Human breeding only uses the best human-connected traits of natural selection. If human selective breeding has gone on for a thousand years, it's only natural that it becomes a part of natural selection. It's no wonder the Mongolian horses display so many archaic genetics.

The tests say nothing at all about ancient selective breeding. Selective breeding in Europe is almost brand-new historically, but since most early civilizations never created very much in permanent record-keeping, how can it be said the practice started such a short time ago in other places?

The scholar simply drew the wrong conclusions from the testing. They're pretty good at that.

Last edited by banjomike; 01-08-2019 at 04:37 PM..
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Old 01-08-2019, 04:42 PM
 
Location: Old Mother Idaho
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[quote=erasure;54086791]
Quote:
Originally Posted by banjomike View Post
All those doubts of yours are mistaken presumptions.

The Mongols horses were bred for endurance. Endurance makes a superior war horse.



They were not "bred." "Breeding" involves the careful selection process. More advanced civilizations were involved in such process, but Mogols were nomads. They just took what was there.



"A 1918 census of Mongolian animals found 1,500,000 horses.[15] The origins of the Mongolian breed are hard to determine. Nomads of the central Asian steppes have been documented as riding horses since 2000 BC. Tests have shown, that among all horse breeds, Mongol horses feature the largest genetic variety, followed by the Tuwinian horses. This indicates that it is a very archaic breed suffering little human-induced selection."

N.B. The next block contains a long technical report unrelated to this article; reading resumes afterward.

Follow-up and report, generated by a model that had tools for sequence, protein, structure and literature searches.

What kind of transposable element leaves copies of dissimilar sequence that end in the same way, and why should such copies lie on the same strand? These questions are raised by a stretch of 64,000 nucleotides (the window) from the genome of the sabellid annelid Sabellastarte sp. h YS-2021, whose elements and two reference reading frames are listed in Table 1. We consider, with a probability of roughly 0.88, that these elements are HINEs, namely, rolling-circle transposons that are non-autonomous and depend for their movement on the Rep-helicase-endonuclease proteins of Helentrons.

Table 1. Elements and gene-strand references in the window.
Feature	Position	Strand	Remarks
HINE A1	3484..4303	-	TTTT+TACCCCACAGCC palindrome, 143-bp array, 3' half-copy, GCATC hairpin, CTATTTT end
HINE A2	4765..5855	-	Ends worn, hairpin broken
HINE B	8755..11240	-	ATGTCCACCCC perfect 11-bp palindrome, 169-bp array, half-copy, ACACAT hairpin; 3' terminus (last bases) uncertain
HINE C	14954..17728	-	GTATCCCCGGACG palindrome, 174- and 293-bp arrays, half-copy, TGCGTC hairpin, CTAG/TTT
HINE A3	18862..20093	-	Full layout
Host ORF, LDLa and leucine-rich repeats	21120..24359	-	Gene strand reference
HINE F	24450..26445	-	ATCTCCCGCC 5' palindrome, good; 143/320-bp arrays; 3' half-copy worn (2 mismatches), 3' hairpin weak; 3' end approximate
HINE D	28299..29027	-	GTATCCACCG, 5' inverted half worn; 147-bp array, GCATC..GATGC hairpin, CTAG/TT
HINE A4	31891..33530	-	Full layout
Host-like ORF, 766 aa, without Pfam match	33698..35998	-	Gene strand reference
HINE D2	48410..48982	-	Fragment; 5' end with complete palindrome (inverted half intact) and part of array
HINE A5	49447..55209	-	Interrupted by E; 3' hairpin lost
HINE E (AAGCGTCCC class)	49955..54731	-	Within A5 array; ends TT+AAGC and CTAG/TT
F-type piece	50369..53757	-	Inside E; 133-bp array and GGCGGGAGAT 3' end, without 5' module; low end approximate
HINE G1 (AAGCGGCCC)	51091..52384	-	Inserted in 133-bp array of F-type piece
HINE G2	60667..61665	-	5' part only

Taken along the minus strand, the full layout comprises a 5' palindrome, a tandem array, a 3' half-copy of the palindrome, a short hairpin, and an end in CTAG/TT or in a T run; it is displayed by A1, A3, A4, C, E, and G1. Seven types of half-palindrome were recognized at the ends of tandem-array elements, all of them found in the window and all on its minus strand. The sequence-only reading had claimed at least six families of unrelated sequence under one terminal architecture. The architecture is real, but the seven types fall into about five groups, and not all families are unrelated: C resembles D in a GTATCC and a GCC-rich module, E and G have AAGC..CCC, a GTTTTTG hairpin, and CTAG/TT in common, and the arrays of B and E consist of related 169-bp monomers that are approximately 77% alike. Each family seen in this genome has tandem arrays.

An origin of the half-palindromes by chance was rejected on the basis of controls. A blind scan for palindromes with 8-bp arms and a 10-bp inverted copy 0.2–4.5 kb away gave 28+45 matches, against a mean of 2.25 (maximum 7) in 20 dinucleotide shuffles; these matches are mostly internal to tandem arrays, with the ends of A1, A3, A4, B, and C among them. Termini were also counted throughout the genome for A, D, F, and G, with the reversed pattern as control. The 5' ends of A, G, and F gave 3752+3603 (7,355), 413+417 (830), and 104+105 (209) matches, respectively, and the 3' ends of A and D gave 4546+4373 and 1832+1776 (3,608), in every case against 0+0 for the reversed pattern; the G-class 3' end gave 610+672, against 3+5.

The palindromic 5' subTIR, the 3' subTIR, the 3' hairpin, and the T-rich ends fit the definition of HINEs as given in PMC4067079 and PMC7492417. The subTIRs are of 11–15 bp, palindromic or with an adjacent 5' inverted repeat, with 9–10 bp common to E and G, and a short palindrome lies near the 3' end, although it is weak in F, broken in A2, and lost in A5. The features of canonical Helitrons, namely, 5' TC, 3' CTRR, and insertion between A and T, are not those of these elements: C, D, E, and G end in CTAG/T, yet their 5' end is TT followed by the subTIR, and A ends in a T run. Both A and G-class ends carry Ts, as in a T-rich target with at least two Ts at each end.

https://en.wikipedia.org/wiki/Mongolian_horse



What "that time?"


https://upload.wikimedia.org/wikiped...at_Berezuy.jpg


https://upload.wikimedia.org/wikiped...e_i_Glebe.jpeg



"The stirrup was invented in China in the first few centuries AD and spread westward through the nomadic peoples of Central Eurasia.[3][4] The use of paired stirrups is credited to the Chinese Jin Dynasty and came to Europe during the Middle Ages."




Middle ages - that's 5th to 15th century; Temujin ( better known as Ghengis Khan) - that's 1200ies.

(So that you would know.)
Yup. The Greeks and Romans never used stirrups. But they did invent their own versions of the saddle.
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Old 01-08-2019, 05:22 PM
 
Location: Old Mother Idaho
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Originally Posted by erasure View Post
Mongolia was never "Soviet" - they were never part of the Soviet Union.


Your bro is full of it, along with his mythical "old Russian cavalry saddles"
Ok- whatever you say.

I wasn't there, so I'm taking his word for everything he saw and learned. He was there for about 2 months, all spent on the steppes, staying with the locals all the way.

All I know about Russian cavalry saddles is his word that they are ever worse than a McClellan saddle. That was the American standard cavalry saddle, and I have ridden on a McClellan a twice. Once from curiosity, and the second from necessity.

Given the choice between 10 mies on a McClellan and going barebacked, I'll take the second if possible. If you ever rode a horse for 10 miles on one, you would too.

But my bro's estimation of the Russian cavalry saddle was verified later to me by a mutual friend who went on the same expedition.
He rode a Russian saddle for 5 days, developed blisters on both cheeks so big that he had to ride more than 3/4 of the way in the back of the truck for fear of infection.